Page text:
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#TBT 7 Ways Frida Kahlo Has Cultivated Our Culture

Frida Kahlo’s birthday is near (July 6, 1907), and you know we had to celebrate with a collection of articles that both honor her, and inform readers of her life and influence. She may have not been acknowledged enough during her life, but today, she is now a worldwide icon of art, feminism, and fearlessly being yourself. This week’s #TBT is all about seven ways in which Frida has cultivated our culture. Que viva Frida!

 

Her Influence on Art still impacts us today.

Frida Kahlo’s art was unapologetic in its depiction of women’s issues—their pain, love, gender roles, and other things that they were expected to generally keep to themselves. Her Surrealist work was colorful and often was in the form of portraits and self-portraits. Mexican culture and nature were recurring themes.

She set her own beauty standards.

Frida embraced her looks and in the process, gave millions of girls the inspiration and self-esteem to do the same. Her bold, connected brows have become legendary and many beauty lovers have reinterpreted her look, time and time again.

She was an OG feminist.

Kahlo was no doubt a strong woman, and she showed this through her art, and legendary quotes. She fully and deeply lived each moment of being a woman and encouraged other women to live their truths, get what they want out of life, and be fearless.

She was refreshingly open about love.

In a time where women were expected to be straight (or be silent), Frida Kahlo was a proud and open bisexual woman. Again, she wasn’t afraid to live her truth and became a LGBTQ icon in the process.

She had strong Indigenous pride

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The most famous wardrobe contents since Narnia? More of the stunning Tehuana outfits that Frida Kahlo lived and worked in. From preview of @vamuseum's Frida Kahlo: Making Her Self Up (16 June 2018 – 4 November 2018). Left: fringed magenta rebozo (seen in Nickolas Muray photos of Frida), brocaded cotton huipil, silk skirt. Middle: hand embridered huipil, silk skirt with woven design, holán (ruffle/flounce). Right: striped rebozo (rectangular shawl) with rapacejo (knotted fringe), silk skirt with Chinese embroidered panel, and holán. 🌹 More photos of the details in forthcoming blog post. 🌹 #inspiredbyfrida #fridakahlomakingherselfup #fridakahlo #fridakahlostyle #fridastyle #findingfrida #victoriaandalbertmuseum #vamuseum #museofridakahlo #fridakahlomuseum #fridakahloexhibition #clairewilcox #circehenestrosa #mexicanstyle #mexicandress #mexicantextiles #tehuana #huipil #rebozo #tehuantepec #artanddisability #fashionandtextiles #igerslondon #timeoutlondon #london_only #thelondonlifeinc #visitlondon #sparklemalarkeytextilesfan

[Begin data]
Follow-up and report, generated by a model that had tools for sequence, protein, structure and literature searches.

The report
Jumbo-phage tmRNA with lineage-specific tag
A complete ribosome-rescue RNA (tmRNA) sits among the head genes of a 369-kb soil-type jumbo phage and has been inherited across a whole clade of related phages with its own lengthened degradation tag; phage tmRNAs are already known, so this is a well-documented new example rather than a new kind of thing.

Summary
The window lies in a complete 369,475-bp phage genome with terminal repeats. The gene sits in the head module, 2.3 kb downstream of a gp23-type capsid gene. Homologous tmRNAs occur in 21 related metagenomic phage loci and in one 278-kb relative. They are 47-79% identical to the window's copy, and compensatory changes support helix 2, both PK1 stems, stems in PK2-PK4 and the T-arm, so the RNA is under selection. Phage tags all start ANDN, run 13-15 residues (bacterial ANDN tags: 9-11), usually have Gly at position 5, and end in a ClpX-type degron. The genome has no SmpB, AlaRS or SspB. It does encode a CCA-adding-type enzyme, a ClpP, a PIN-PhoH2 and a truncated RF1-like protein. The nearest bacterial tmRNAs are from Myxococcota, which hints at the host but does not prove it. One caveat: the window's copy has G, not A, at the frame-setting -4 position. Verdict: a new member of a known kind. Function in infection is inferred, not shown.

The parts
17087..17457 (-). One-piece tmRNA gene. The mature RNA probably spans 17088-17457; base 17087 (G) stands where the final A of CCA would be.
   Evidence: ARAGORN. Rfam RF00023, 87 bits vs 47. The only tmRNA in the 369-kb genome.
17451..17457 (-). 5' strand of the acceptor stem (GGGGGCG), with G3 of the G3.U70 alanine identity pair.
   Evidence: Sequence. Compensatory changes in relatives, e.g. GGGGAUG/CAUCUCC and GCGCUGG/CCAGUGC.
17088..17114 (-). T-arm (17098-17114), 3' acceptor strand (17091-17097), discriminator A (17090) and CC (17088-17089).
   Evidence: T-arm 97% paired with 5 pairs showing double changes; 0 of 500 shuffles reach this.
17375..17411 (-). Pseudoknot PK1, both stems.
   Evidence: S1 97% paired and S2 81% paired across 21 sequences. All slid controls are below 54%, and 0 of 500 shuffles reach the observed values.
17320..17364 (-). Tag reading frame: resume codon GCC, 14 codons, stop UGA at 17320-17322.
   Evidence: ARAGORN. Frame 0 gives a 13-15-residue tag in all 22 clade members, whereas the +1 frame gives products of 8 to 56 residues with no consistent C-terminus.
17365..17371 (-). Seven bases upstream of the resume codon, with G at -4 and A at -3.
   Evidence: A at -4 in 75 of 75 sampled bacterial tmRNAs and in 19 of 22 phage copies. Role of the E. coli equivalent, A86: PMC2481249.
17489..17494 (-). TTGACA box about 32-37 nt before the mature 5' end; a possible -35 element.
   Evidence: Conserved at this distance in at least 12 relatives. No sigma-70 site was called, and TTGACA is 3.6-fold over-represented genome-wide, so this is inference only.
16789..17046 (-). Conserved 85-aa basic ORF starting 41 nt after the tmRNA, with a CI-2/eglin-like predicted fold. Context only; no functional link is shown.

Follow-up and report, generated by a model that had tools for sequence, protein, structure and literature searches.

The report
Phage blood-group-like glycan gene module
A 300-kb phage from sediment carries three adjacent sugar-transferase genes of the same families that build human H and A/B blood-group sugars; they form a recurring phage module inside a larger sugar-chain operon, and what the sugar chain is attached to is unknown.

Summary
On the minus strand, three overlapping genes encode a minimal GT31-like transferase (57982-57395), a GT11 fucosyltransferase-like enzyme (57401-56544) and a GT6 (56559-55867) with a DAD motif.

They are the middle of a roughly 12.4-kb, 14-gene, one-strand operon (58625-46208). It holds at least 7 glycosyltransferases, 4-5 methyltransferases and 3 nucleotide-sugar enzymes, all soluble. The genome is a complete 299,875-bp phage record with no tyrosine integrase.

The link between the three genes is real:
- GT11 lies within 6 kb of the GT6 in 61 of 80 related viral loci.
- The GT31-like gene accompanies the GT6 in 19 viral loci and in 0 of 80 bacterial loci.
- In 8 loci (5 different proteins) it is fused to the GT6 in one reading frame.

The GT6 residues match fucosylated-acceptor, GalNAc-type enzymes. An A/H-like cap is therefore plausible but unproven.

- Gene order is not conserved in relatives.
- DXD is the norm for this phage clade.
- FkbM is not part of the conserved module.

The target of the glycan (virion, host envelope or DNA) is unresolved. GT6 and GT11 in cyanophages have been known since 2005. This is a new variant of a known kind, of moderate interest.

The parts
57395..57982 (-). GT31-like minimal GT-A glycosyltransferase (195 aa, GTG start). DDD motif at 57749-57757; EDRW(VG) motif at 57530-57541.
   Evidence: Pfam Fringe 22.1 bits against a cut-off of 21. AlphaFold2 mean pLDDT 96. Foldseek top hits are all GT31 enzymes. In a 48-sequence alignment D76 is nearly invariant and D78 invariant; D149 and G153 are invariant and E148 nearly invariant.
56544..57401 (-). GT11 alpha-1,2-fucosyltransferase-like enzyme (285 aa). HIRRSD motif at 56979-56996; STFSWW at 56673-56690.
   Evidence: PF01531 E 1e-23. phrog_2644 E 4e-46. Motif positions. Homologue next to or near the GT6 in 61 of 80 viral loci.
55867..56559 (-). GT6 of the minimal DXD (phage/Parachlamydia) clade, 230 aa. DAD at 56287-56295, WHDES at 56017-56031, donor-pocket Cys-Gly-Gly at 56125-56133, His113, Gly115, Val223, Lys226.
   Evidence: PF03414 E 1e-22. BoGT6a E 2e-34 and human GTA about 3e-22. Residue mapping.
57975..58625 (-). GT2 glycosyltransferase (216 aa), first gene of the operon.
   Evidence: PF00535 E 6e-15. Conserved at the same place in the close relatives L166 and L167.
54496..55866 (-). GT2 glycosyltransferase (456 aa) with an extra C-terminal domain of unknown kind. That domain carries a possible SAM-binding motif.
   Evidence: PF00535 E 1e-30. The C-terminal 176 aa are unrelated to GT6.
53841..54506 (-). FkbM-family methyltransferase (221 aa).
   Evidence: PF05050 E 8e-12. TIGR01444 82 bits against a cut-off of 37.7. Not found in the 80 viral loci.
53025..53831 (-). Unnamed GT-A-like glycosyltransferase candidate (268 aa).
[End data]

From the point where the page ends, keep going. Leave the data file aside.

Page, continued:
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Spanish culture and ancestry is usually held to high regard in Latin American countries, while Indigenous culture has been oppressed and suppressed. Frida Kahlo loved and celebrated her native roots, evident in her ornate Tehuana outfits, glorious braided and flowered hair, and indigenous-inspired art.

She embraced both her masculine and feminine energy.

There is no doubt Frida Kahlo was ahead of her time. She was not afraid to show her masculine side, by wearing men’s suits, slicking back her hair, and painting herself in the same light.

She brought Mexico to the masses.

Definitely one of the biggest things that Frida Kahlo did was show Mexican (and Latino) art and culture to the world. She showed that they were both beautiful, worthy, and brimming with excellence. She proved that Mexican art deserved to be hung in prestigious galleries, alongside those of European artists; that a Mexicana could be the one to take the art world by storm. Frida was talent and she was hope.

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